The final option would be wicked expensive for both firms and likely weaken Qualcomm significantly before, and if, their new CPU technology got to critical mass in the market. Since Qualcomm is a licensing entity and knows how to manage these relationships, I expect they are comfortable continuing to license from the merged NVIDIA/ARM entity. Given Qualcomm’s recent challenge to their licensing model by the FTC, having another large company using a similar licensing model emerge should reduce Qualcomm’s exposure in this area long term. Qualcomm’s recent appellate court win also did much the same thing so the benefit to them isn’t as great as it would have been pre-appellate judgment.
Intel and AMD
Now, this merger potentially places ARM and X86 against each other broadly while transitioning NVIDIA into a licensing powerhouse. AMD’s custom business and lack of a fab arguably makes them a licensing-like entity and places Intel as the odd man out in terms of business model. If Intel allows broad licensing of X86, it will reduce the justification for Intel to own its FABs and force one of the most significant changes to its business model in history. If they hold, they will increasingly be standing alone, and while, at their size, they can certainly do that, with their general support for open technologies, resisting the move to more of a licensing model will be difficult.
If Intel does more aggressively, license firms will be given a choice between licensing ARM and licensing X86. If the PC and server OEMs then choose to license, Intel will either have to open their FABs to this business, or they likely won’t sustain volume at a high enough level to support those FABs. As a result, this merger may impact Intel the most. But it could merely accelerate Intel down a path they were already following.
AMD has been an ARM licensee in the past and is currently the largest X86 licensee. As noted, their custom business does already put them on an exciting path, but they don’t own and can’t license X86 to others since they are under license from Intel restricting that. However, they could license their additive X86 technology to the OEMs to enhance the offerings the OEMs produce, as these OEMs compete with their peers. This change would open up new licensing opportunities for AMD but, like Intel, reduce the market opportunity for AMD’s parts.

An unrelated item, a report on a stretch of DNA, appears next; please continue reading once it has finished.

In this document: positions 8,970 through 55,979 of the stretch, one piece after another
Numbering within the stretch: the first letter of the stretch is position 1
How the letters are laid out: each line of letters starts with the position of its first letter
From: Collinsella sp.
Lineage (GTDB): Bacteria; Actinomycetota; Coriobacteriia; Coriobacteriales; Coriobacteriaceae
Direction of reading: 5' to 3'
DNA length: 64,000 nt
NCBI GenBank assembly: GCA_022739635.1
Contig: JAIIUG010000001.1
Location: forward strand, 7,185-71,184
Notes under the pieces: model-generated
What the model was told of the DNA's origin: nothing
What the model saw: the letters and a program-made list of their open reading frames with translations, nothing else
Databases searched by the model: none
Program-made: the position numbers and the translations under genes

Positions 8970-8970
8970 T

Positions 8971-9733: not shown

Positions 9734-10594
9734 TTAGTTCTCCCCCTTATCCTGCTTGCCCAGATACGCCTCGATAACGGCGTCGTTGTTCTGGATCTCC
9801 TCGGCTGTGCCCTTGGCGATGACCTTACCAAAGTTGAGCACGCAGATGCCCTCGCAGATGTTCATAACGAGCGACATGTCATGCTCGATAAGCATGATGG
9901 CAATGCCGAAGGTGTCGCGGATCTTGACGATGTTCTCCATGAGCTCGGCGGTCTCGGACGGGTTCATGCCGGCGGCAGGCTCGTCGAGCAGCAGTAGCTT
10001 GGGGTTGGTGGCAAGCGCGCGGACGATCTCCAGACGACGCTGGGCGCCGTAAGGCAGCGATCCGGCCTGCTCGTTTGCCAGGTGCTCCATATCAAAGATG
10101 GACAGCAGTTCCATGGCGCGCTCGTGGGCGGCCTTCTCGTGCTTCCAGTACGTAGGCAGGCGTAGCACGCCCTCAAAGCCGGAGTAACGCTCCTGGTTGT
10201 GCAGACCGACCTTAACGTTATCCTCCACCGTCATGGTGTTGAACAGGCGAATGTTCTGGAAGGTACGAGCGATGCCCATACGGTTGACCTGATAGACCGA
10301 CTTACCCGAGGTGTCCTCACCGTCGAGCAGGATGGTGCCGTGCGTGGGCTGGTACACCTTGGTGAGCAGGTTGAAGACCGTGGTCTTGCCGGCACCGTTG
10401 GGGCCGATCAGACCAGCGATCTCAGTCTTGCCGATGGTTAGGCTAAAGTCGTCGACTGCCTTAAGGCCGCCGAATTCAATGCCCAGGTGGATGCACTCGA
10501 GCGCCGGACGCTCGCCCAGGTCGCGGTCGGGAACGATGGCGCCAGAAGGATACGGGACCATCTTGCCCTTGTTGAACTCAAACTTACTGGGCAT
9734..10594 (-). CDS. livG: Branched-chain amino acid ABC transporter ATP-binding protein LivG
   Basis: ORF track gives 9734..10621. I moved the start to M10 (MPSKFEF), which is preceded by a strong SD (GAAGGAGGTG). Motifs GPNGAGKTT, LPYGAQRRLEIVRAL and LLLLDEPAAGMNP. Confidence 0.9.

Wrapping Up: The Move To Licensing
Overall I think this merger will force a broad move from producing core parts to licensing the technology to produce their own. We already have cloud vendors working to produce their core components, often licensed from ARM. If this merger forces Intel and AMD to more aggressive licensing, it could both accelerate this trend and offset these efforts that currently don’t use X86 technology, making it more competitive as a licensed technology.
One thing is certain, though; this merger is going to change the market for core technology products across several segments, including cloud, PC, smartphone, AI, IoT, robotics, autonomous vehicles, and security. I doubt there will be a single tech company that isn’t significantly impacted by the resulting changes.
Rob Enderle has been a TechnologyAdvice columnist since 2003. His areas of interest include AI, autonomous driving, drones, personal technology, emerging technology, regulation, litigation, M&E, and technology in politics. He has an AS, BS, and MBA in merchandising, human resources, marketing, and computer science. Enderle is currently president and principal analyst of the Enderle Group, a consultancy that serves the technology industry. He formerly worked at IBM and served as a senior research fellow at Giga Information Group and Forrester.